From useless thickets to valuable resource? – Financial performance of downy birch management on drained peatlands

Pentti Niemistö, Soili Kojola, Anssi Ahtikoski, Raija Laiho
2017 Silva Fennica  
Highlights • The most profitable management regimes for pulpwood and energy wood production in dense downy birch stands on drained peatlands include no thinnings, but final cutting at the stand age of 40-45 years as whole-tree harvesting, or as integrated harvesting of pulpwood and delimbed energy wood stems about 10 years later depending on applicable harvesting method. • A competitive management regime is early precommercial thinning at 4 m dominant height to a density of 2500 stems per
more » ... 500 stems per hectare and production of pulpwood with a rotation of 55-65 years. Equal profitability is achieved with or without traditional first thinning, which can thus be included for other reasons, for example to improve regeneration of spruce. Abstract Downy birch (Betula pubescens Ehrh.) stands on drained peatlands are often considered useless because they typically do not yield good-quality sawn timber. However, covering an area of ca. 0.5 million hectares and with total yields of up to 250 m 3 ha -1 , downy birch stands on peatlands in Finland have a potential for pulpwood and/or energy wood production. We examined the financial performance of alternative management regimes (with or without thinnings, different thinning intensities, several rotation lengths) combined with alternative harvesting methods (pulpwood, energy wood, or integrated, energy wood being delimbed stems or whole trees). We used data from 19 experimental stands, monitored for 20-30 years. For harvesting removals we considered both actual thinning removals and final-cutting removals with alternative timings that were based on the monitoring data. We assessed the profitability as a combination of the net present value of the birch generation and the bare land value of future generations of Norway spruce (Picea abies (L.) Karst.). The most profitable management was growing without thinnings until wholetree final cutting at the stand age of 40-45 years with an advanced multi-tree harvesting method. In contrast, the standard method in whole-tree final cutting resulted in the lowest profitability, and an integrated method with the energy wood as delimbed stems was the best of the standard methods. Thinnings were unprofitable especially when aiming to produce energy wood, whereas aiming for pulpwood, light precommercial thinning was competitive. Commercial thinning at the traditional "pulpwood stage" had little effect on profitability. The best stand age for final cutting was 40-65 years -earlier for very dense stands and whole-tree energy wood harvesting with advanced method, later for precommercially thinned stands and pulpwood harvesting.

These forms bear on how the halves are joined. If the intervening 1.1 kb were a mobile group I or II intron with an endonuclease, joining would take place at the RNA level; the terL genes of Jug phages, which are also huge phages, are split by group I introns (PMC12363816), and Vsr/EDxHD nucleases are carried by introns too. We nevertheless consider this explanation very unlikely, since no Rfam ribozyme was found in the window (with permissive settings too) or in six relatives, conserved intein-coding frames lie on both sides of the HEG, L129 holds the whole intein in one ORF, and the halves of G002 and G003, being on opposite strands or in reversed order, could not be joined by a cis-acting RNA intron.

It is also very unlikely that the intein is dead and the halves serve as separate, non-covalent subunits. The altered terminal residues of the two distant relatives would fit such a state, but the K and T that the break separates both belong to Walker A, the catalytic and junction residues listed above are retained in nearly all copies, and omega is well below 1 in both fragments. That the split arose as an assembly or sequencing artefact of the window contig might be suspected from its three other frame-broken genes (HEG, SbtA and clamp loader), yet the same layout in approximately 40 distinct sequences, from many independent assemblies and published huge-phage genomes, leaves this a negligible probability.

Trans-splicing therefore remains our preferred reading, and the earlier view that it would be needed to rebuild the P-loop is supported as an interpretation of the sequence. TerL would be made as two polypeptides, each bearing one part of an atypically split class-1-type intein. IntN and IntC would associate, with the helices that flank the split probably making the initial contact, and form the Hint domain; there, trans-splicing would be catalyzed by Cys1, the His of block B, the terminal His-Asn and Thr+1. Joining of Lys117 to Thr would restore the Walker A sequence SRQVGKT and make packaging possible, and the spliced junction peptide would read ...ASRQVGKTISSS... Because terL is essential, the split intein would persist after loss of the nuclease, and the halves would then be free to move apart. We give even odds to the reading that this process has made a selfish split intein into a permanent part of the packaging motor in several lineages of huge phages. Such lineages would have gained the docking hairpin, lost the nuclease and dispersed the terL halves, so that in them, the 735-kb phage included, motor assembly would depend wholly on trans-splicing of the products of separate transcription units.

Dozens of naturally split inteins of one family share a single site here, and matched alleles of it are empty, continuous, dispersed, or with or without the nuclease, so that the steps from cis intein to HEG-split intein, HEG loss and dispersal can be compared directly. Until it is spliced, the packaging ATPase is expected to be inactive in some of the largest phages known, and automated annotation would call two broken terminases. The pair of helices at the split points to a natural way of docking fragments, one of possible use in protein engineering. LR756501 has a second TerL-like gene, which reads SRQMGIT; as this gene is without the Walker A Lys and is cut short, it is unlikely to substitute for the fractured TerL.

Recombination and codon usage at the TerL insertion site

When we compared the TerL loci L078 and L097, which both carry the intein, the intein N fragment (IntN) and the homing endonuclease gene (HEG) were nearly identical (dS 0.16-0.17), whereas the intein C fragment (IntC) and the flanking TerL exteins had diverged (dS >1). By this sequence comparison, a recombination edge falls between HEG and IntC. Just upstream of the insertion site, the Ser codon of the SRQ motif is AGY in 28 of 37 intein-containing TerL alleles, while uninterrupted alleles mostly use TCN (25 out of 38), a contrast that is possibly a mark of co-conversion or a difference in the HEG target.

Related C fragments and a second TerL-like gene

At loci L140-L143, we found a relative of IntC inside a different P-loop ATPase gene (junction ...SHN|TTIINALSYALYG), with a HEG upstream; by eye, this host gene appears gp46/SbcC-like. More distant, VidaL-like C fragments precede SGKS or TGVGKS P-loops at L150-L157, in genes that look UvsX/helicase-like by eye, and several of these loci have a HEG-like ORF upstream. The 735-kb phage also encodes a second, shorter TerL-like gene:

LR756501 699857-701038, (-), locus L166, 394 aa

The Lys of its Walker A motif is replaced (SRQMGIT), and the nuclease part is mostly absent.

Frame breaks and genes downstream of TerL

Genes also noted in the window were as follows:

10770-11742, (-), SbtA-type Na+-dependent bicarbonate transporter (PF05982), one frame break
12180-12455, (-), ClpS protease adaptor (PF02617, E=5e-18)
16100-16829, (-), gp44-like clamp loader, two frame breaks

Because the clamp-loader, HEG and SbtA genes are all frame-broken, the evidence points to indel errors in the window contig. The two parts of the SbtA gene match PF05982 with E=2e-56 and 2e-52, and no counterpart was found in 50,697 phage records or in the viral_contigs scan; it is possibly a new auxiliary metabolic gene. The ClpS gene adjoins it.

doi:10.14214/sf.2017 fatcat:zxdqdrsptjbo7idnjvxntjft7i